869 F.3d 291 (4th Cir. 2017), 14-1, United States v. Torrez
|Citation:||869 F.3d 291|
|Opinion Judge:||THACKER, Circuit Judge:|
|Party Name:||UNITED STATES OF AMERICA, Plaintiff - Appellee, v. JORGE AVILA TORREZ, Defendant - Appellant|
|Attorney:||Julie L.B. Stelzig, OFFICE OF THE FEDERAL PUBLIC DEFENDER, Greenbelt, Maryland, for Appellant. James L. Trump, OFFICE OF THE UNITED STATES ATTORNEY, Alexandria, Virginia, for Appellee. James Wyda, Federal Public Defender, OFFICE OF THE FEDERAL PUBLIC DEFENDER, Baltimore, Maryland; Robert E. Lee, ...|
|Judge Panel:||Before DIAZ, FLOYD, and THACKER, Circuit Judges. Judge Thacker wrote the opinion, in which Judge Diaz concurred. Judge Diaz wrote a separate concurring opinion. Judge Floyd wrote an opinion concurring in part and dissenting in part. DIAZ; FLOYD (In Part) DIAZ, Circuit Judge, concurring: FLOYD, J....|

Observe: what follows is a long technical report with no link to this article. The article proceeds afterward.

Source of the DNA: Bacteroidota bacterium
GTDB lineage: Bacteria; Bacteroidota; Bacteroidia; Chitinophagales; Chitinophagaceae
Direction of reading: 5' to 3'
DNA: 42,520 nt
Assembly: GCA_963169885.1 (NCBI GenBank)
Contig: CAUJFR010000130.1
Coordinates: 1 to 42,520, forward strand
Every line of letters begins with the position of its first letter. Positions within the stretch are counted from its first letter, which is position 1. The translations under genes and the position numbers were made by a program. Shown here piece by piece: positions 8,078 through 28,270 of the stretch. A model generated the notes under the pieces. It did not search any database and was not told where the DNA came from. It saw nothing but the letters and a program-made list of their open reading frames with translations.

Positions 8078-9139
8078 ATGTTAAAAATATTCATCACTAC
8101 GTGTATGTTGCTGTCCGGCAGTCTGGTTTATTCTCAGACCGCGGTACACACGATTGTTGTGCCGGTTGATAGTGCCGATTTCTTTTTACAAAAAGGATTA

|Case Date:||August 28, 2017|
|Court:||United States Courts of Appeals, Court of Appeals for the Fourth Circuit|
Argued May 9, 2017.
Appeal from the United States District Court for the Eastern District of Virginia, at Alexandria. (1:11-cr-00115-LO-1). Liam O'Grady, District Judge.
Julie L.B. Stelzig, OFFICE OF THE FEDERAL PUBLIC DEFENDER, Greenbelt, Maryland, for Appellant.
James L. Trump, OFFICE OF THE UNITED STATES ATTORNEY, Alexandria, Virginia, for Appellee.
James Wyda, Federal Public Defender, OFFICE OF THE FEDERAL PUBLIC DEFENDER, Baltimore, Maryland; Robert E. Lee, Jr., VIRGINIA CAPITAL REPRESENTATION RESOURCE CENTER, Charlottesville, Virginia, for Appellant.
Dana J. Boente, United States Attorney, Richard D. Cooke, Jonathan L. Fahey, Michael E. Rich, Assistant United States Attorneys, Robert J. Heberle, Special Assistant United States Attorney, OFFICE OF THE UNITED STATES ATTORNEY, Alexandria, Virginia, for Appellee.
Before DIAZ, FLOYD, and THACKER, Circuit Judges. Judge Thacker wrote the opinion, in which Judge Diaz concurred. Judge Diaz wrote a separate concurring opinion. Judge Floyd wrote an opinion concurring in part and dissenting in part.
THACKER, Circuit Judge: